When Should I Say “I Love You”?


I am a mid-20s, gay male from [East Asia]. I have not come out. I have found the love of my life and he is in his mid-60s. I am from a higher caste than he is, but neither of us see that as a problem. I think he considers me his son. I have met his family and they accept me. We speak to each other about very personal things, but we have never spoken about our love for each other or my being gay. I think he knows that I love him. I want to tell him that I love him, but I am afraid to for fear of losing this relationship. What do you think I should do?

Everything you’ve written points to the fact that you love this man and that he loves you. Although the words haven’t been spoken, your behavior toward each other suggests this is true. It now appears that you are at a turning point where you wish to take your relationship with him to another level. Is it time to say “I love you”?

As I have previously written, the English word for love has many different meanings depending upon who is the target of that love. If you tell this man that you love him, and he responds with “I love you too,” will your words mean the same thing? Or will a discrepancy or different expectation emerge? This situation has no guarantees.

I agree with Brené Brown, who in her TED Talk on vulnerability said that connection with other people is what gives our lives purpose and meaning. She went on to say, “In order for connection to happen, we have to allow ourselves to be seen, really seen.” In other words, to connect with someone intimately, we must make ourselves vulnerable, but the very definition of vulnerability means we run the risk of being emotionally damaged. Brown said that because we can’t numb our feelings selectively, we can’t numb vulnerability without also deadening joy and happiness too.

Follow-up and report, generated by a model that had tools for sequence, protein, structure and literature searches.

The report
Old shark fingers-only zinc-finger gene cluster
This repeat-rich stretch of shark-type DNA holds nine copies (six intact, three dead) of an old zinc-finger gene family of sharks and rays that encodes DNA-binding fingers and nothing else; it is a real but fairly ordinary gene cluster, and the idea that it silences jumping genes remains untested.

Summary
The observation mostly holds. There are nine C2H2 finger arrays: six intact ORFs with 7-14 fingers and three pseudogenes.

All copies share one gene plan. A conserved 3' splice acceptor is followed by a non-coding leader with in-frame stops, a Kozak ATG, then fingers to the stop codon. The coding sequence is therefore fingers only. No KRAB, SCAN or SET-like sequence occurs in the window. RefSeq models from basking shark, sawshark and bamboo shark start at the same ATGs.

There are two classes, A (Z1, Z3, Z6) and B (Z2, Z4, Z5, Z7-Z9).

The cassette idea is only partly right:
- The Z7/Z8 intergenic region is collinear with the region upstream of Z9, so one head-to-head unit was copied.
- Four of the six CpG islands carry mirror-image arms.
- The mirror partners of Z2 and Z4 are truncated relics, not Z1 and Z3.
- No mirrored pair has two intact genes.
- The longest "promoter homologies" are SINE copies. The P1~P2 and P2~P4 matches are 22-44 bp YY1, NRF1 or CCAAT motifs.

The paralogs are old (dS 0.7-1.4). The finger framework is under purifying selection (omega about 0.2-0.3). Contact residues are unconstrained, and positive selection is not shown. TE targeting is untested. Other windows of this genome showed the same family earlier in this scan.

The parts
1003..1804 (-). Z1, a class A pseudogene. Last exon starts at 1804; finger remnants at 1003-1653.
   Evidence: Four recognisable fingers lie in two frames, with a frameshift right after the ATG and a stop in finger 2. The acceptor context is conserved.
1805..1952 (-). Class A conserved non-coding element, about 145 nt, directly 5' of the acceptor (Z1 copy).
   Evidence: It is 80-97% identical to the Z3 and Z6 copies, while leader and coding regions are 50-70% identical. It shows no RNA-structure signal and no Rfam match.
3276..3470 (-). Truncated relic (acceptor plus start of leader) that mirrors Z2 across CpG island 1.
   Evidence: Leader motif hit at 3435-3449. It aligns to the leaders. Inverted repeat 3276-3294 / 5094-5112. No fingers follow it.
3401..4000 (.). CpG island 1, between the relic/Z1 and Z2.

What are the risks? Your biggest fear seems to be that he will end the relationship, and this is one possibility. Perhaps you also fear that if he reciprocates by telling you he loves you, the two of you would then need to ask, Where do we go from here? The most painful response might be for him just to say “Thank you,” seemingly indifferent to the risks you’ve just taken.

The biggest question for you to ponder is this: What are my intentions? By attempting to take this relationship to a different level, what is it you want to happen? Sex? Exclusivity? A future together? Is being treated as his son not enough for you? Is it enough for him? Expressing your love for him may expose a discrepancy in your feelings for each other.

Several factors could influence his response to you. First, he is married, and he may not wish to risk disrupting his socially acceptable, more traditional relationship. His family also seems to accept you in that role. Will they still accept you if the relationship evolves into something else? Having you in his life as a “son” may be safer and more acceptable to him than having you as a lover.

The age difference between you two may be another of his concerns. As I’ve written before, many older men are incredulous that a younger man could love them. An intergenerational couple may not see their age difference as a problem, but family and friends may be suspicious that malevolent motives are involved. Since you are more financially secure than he is, they may feel like he is taking advantage of you.

Cultural factors might also influence his response. Although most societies have a hierarchy of social class, the caste system in East Asia may be somewhat more rigid than in other places. You know your culture better than I. How would these differences be perceived in a heterosexual relationship? That might give you a clue as to what you might expect. A related issue is worthiness. Is there a possibility that his being in a lower caste might cause him to feel unworthy of being loved by someone in a higher social class?

I recommend that you first come out to him as gay so you can explore his feelings about homosexuality. This will allow him to know you as you really are and expose any prejudices or stereotypes he might have about LGBTQ people. My guess is that he will not be surprised that you’re gay, but at least you have opened this topic for a more honest discussion. Once you have opened up this subject, the concerns about age, culture, and social class will likely flow into the discussion. In this way, you can avoid making the issue an entirely personal one. Will he still want you for a son if he knows the more authentic you? Is being a son enough for you?

After you’ve had this discussion, it will be easier to tell him that you love him, discuss whether you might have a future together, and find out what that future might look like.